11 Ways Your Beloved Pet May Make You Sick


Portrait of a woman with her beautiful dog lying outdoors

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Methicillin-resistant Staphylococcus aureus (MRSA) is a type of bacteria that can cause infections of the skin, respiratory tract and urinary tract in people. Studies have found that people can share MRSA bacteria with their pets. And because pets may not show symptoms, the animals may pass the bacteria back to their owners, according to a 2015 study presented at IDWeek, a meeting of several organizations focused on infectious diseases.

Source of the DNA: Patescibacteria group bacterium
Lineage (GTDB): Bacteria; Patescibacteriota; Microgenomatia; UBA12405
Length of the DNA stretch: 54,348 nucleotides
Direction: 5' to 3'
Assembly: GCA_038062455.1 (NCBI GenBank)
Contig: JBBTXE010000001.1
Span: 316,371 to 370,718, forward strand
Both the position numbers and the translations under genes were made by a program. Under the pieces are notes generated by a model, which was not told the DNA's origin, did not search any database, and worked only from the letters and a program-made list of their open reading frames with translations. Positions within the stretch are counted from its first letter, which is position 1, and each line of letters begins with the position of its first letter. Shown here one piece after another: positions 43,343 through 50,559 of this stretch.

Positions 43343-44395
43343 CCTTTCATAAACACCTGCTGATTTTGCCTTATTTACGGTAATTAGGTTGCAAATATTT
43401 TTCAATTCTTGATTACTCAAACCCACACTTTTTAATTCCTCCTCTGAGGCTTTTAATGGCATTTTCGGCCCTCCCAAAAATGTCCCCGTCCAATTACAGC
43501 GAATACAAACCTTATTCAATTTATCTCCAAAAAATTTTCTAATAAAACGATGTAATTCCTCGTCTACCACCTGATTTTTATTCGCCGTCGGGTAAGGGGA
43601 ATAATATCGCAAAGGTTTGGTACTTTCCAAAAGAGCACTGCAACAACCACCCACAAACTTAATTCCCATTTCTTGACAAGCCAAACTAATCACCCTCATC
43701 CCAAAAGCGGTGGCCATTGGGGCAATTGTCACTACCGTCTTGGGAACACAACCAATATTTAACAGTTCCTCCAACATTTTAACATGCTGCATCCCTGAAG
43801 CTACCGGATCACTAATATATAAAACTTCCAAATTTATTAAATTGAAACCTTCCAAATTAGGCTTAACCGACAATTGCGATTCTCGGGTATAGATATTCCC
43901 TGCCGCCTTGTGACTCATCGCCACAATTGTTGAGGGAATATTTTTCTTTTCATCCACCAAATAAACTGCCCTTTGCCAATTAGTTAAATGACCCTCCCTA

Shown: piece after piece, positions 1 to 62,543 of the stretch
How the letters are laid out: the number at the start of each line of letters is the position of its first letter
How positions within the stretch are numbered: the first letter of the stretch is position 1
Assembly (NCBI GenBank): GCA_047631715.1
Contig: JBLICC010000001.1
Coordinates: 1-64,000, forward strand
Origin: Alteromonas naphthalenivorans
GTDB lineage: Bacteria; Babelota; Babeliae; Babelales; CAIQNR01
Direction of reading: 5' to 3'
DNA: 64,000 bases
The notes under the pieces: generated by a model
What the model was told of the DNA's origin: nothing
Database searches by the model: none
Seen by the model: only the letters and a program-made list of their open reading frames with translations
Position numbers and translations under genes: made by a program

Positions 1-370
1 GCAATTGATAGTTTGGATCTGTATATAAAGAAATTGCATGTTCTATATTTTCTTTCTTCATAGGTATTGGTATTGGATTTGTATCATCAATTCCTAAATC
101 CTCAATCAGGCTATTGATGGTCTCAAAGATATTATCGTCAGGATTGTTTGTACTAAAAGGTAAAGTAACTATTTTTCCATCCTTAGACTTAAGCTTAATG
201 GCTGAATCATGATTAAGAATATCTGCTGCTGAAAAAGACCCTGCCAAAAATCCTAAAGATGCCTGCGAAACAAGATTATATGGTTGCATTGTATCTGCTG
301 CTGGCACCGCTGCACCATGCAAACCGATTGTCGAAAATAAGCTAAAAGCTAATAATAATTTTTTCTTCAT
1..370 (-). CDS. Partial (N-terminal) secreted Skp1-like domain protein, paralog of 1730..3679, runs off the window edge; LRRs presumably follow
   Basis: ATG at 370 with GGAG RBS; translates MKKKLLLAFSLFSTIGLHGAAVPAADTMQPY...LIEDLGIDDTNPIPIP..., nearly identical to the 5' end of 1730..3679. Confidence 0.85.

There aren't any specific treatments for pets that have MRSA, but owners can frequently wash their hands, and have pets sleep in crates rather than in a bed with people, the researchers said.

Rachael Rettner

Rachael is a Live Science contributor, and was a former channel editor and senior writer for Live Science between 2010 and 2022. She has a master's degree in journalism from New York University's Science, Health and Environmental Reporting Program. She also holds a B.S. in molecular biology and an M.S. in biology from the University of California, San Diego. Her work has appeared in Scienceline, The Washington Post and Scientific American.